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I recommend doing thorough research on the surgeon
My wife had both shoulders replaced by two different surgeons. One was recognized as one of the best in the USA (worked for our Olympic ski team and the NFL) - turned out quite well. She also had a knee done by a colleague of his that went well. The second shoulder was done by another guy (we moved) and it has never been right. I should have suspected something - he wore a bow tie.
 

HighKick

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Well, my warranty has well and truly run out. Time for an overhaul to get a bionic knee.
View attachment 29842

Has anyone else done this? Tell me about your procedure, rehab, etc.? How has it affected your martial arts training? I'm trying to educate myself as much as I can.

Thanks in advance!
I am rehabbing my right knee after a Stryker-Mako robotic replacement as we speak. Make very certain you get a Total replacement.
So far so good. My left knee had a traditional replacement 2-years ago so I am curious to see if I can tell any difference down the road. I can tell you the robotic replacement was much more painful post-surgery and the swelling has been worse. It is hard on the calf and ankle regions.
Like my left leg, I could tell the bone-on-bone pain was gone on the day of surgery when they got me up to walk.
All the best with yours.
 

Taiji Rebel

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Were your knee issues caused by your years in martial arts?

There are a great number of regular exercisers I know who have had knee and hip issues and replacements. Many more did zero exercise and have never had any problems with their joints whatsoever - therefore, asking the question is just me being inquisitive.
 
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HighKick

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Were your knee issues caused by your years in martial arts?
It was from a number of things, MA's competition being one of them. My right leg got pelicaned in a tournament and tore pretty much everything but luckily did no cartilage damage. Just required a minor kneecap resurfacing and has held up well after some cadaver ligament/tendon repair.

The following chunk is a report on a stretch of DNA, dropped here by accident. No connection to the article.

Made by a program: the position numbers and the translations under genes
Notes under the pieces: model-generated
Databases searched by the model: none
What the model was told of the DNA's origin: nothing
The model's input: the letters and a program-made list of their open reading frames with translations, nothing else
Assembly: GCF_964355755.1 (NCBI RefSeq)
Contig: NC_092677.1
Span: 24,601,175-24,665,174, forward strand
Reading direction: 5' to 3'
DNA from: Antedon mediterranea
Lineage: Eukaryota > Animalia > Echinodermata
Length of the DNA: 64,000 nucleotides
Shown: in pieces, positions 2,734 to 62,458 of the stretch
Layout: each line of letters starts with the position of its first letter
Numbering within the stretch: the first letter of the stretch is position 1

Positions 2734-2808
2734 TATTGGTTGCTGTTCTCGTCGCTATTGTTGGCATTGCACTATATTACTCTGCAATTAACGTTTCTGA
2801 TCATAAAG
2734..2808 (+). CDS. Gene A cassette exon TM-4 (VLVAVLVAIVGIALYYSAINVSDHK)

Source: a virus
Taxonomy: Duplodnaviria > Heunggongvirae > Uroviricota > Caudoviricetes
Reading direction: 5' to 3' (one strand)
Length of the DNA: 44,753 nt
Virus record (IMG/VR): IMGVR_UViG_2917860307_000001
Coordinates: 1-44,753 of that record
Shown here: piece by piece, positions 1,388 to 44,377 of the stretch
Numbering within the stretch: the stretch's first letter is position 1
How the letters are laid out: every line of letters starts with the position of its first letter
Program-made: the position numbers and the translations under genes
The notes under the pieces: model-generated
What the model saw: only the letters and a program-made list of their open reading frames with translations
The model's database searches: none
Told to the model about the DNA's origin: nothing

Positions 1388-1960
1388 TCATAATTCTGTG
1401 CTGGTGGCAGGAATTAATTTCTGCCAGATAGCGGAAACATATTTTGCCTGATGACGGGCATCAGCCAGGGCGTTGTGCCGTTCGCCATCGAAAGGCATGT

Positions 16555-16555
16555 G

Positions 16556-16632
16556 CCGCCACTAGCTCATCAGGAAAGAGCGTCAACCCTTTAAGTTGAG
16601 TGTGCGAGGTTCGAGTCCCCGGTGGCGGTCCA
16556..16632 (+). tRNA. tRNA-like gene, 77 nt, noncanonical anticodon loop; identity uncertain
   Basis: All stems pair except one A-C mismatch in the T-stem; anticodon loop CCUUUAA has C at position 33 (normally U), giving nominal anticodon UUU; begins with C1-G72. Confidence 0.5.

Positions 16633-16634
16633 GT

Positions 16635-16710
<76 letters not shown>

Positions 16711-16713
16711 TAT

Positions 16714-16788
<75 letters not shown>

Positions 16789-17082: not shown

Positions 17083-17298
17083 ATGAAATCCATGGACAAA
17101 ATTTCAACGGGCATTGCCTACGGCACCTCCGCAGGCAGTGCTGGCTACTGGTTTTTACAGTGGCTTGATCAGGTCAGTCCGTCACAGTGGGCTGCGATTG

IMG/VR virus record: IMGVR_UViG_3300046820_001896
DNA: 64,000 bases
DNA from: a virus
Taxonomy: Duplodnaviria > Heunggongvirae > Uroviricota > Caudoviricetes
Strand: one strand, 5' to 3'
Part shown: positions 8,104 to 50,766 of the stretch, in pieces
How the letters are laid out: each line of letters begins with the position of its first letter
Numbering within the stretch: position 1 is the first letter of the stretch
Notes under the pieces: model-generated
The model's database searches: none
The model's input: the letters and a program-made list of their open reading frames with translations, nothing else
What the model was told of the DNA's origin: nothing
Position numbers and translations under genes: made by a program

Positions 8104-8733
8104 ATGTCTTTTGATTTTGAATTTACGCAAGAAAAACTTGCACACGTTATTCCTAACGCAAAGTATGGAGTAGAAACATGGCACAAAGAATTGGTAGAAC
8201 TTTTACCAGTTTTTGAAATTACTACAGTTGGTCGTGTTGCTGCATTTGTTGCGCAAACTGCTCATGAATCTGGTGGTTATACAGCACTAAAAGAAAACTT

I would call my left leg an outlier because it was destroyed in an accident. It had a partial knee first just so there was a joint there to allow repair the lower leg. Then a few years late a full knee. The difference between the partial and full knee were night and day because there were alignment issues that could not be resolved until the lower leg healed. Hurt like hell. 12-years later, it got the 2nd full knee. I simply wore out the original.
My right knee carried most the load for a long time so it also finally wore out.
 

Wing Woo Gar

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My wife had both shoulders replaced by two different surgeons. One was recognized as one of the best in the USA (worked for our Olympic ski team and the NFL) - turned out quite well. She also had a knee done by a colleague of his that went well. The second shoulder was done by another guy (we moved) and it has never been right. I should have suspected something - he wore a bow tie.
Shoulder replacement is a more difficult surgery. Part of the reasons for this are that the humerus bone is already under spiral tension. It is physically difficult to manipulate and reduce proximal humerus fracture (referred to as knocking the ice cream off the cone) as a result. Introducing the implant adds another level of complexity. Even soft tissue shoulder surgeries for subacromial decompression involve a lot of rehab and pain. The hip is by far the easiest and least complicated of joint replacements, particularly when performed with anterior approach.